Prolonging Tool Life of Deep Hole Drills by Using the Appropriate Pilot/Starter Drill
Selecting the appropriate pilot drill is critical to maximize performance and tool life of a succeeding deep hole or micro drill. The purpose of a pilot drill is to create a clean, consistent working surface for the succeeding drill to enter the workpiece.
Important aspects such as diameter tolerance and point angle (Figure 1) are often overlooked leading to inconsistent, unacceptable results.
A pilot drill diameter should be slightly larger than nominal diameter, whereas the succeeding drill diameter should be smaller. This is often accomplished using positive and negative tolerances respectively (Figure 2). Selecting the incorrect pilot drill diameter can lead to premature failure of the succeeding drill as it will enter the pilot hole using its margins rather than its center-cutting point.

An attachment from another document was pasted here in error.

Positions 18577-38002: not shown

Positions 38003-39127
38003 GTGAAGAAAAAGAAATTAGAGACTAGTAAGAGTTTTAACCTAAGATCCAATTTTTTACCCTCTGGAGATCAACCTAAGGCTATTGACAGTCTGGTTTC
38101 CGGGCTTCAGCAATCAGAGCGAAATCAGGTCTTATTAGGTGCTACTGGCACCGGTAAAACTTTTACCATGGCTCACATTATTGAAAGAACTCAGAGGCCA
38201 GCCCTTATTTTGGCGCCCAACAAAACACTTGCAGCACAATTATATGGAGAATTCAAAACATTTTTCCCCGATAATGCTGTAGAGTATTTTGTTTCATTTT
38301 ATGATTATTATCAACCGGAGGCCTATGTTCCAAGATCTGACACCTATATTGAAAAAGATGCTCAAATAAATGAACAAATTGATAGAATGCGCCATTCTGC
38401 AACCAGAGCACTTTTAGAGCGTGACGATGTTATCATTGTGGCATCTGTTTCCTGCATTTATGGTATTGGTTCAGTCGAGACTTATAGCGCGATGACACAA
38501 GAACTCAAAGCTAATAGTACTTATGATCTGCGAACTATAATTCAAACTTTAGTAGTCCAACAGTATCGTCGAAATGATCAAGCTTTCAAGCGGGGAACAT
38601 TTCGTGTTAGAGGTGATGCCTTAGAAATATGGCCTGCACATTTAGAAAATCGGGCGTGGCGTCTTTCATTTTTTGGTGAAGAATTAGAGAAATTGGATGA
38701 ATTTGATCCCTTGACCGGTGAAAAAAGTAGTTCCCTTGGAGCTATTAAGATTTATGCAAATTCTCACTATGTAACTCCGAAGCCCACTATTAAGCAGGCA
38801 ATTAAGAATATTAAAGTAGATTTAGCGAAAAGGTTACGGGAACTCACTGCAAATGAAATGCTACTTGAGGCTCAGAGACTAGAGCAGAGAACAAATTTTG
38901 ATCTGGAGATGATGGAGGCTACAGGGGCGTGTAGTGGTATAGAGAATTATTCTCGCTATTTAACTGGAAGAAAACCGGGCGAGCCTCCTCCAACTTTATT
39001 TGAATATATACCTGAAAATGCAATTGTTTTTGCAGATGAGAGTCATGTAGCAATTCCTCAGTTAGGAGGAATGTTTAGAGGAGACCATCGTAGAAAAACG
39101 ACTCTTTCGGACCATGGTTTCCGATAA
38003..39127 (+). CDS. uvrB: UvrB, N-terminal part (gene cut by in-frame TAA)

It is also important for a pilot drill’s point angle to be equal to or larger than that of a succeeding drill. The purpose of a larger point angle is to guide the succeeding drill to centerline while preventing its corners from colliding with the point angle left by the pilot drill. Using a pilot drill with a smaller point angle usually results in chipped corners on the more expensive deep hole drill after drilling 10-20% of the expected tool life.
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